From New York comes The New York Times' double endorsement of Klobuchar and U.S. Sen. Elizabeth Warren of Massachusetts. Though candidates actively seek the endorsement of The Des Moines Register, newspaper endorsements ordinarily do not provide substantial boosts to candidates. (Best example: In 1972, the Manchester Union Leader supported Mayor Sam Yorty of Los Angeles in the Democratic race. Yorty won 6 percent of the vote that year.) Endorsements from far away β€” especially from New York, especially from the Times, especially at a time of press distrust β€” have little possibility of possessing much weight.

But this one might. No one will vote for the Minnesotan on the basis of the Times recommendation. But the endorsement has the potential of elevating Klobuchar into the top tier. Then anything can happen.

The second factor is in Washington, also where anything can happen. By sitting in the Senate chamber, Klobuchar, Warren and U.S. Sen. Bernie Sanders of Vermont aren't running in Iowa. They are hostages to the Senate trial, leaving Biden and Buttigieg with all the airtime and attention. The three senators at the top of the race are sidelined. So is U.S. Sen. Michael Bennet of Colorado, who is struggling for air in the presidential race and now is essentially out of breath.

The Times editorial does in some way reshape the race, which once had a progressive lane (Sanders, Warren, perhaps others now departed), a moderate lane (Buttigieg, Klobuchar) and an outsider lane (Bloomberg, Tom Steyer and Andrew Yang).

But now it is possible to see the Democratic race differently and to discern a new architecture to the contest.

With the pairing of Warren and Klobuchar, the race now has a female lane, pitting the two endorsed candidates against each other, and a blue-collar-appeal lane, pitting Sanders, who speaks of workers' rights and excoriates the wealthy, against Biden, who also has appeal for working folks. Why else would a fight break out between the two men over Social Security, a vital retirement income supplement for working Americans?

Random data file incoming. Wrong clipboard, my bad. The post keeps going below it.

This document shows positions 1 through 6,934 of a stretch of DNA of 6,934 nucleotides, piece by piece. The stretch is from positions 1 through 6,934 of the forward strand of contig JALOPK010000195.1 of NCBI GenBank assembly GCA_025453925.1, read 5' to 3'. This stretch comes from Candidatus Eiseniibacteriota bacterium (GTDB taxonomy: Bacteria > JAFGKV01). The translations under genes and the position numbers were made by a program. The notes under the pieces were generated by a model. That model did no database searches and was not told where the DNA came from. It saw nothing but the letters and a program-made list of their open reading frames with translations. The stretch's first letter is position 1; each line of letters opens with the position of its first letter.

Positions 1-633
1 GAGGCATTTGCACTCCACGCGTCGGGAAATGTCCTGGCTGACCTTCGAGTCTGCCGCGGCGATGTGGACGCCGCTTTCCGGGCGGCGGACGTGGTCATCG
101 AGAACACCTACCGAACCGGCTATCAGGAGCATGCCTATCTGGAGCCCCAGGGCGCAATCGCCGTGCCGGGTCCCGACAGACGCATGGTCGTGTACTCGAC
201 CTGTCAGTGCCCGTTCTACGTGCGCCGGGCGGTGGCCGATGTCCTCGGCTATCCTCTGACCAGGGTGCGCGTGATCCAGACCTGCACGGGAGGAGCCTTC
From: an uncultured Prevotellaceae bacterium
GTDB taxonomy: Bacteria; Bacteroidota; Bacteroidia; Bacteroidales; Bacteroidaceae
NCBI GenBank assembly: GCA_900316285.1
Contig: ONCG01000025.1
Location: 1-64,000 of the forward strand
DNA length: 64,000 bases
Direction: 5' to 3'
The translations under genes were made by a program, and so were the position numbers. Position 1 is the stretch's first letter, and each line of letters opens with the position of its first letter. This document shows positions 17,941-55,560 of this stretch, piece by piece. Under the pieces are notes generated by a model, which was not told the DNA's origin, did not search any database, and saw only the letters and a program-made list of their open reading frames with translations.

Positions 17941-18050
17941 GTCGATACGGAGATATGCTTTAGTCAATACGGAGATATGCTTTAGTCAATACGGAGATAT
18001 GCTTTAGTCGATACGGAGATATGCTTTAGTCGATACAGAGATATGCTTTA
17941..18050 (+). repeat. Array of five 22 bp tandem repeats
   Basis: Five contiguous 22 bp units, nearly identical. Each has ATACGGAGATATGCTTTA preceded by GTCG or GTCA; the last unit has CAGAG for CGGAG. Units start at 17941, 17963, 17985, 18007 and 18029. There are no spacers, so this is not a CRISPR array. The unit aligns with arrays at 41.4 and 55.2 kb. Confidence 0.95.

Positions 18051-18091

Now add another new development.

A study conducted by the Yale and George Mason universities centers on climate change communication separates Americans into categories depending on their views on climate change. For the first time, the segment "alarmed" about climate change has reached 31 percent, nearly triple its size five years ago, while those who were dismissive or doubtful of the effect of climate change have decreased.

Does that mean anything politically? Almost certainly it does in the long run. In the short run, it may be a boost to Steyer, who relentlessly has trumpeted the cause of climate change. Iowa is for upsets. That would be the biggest one of all time.

David M. Shribman is the former executive editor of the Pittsburgh Post-Gazette. Follow him on Twitter at ShribmanPG.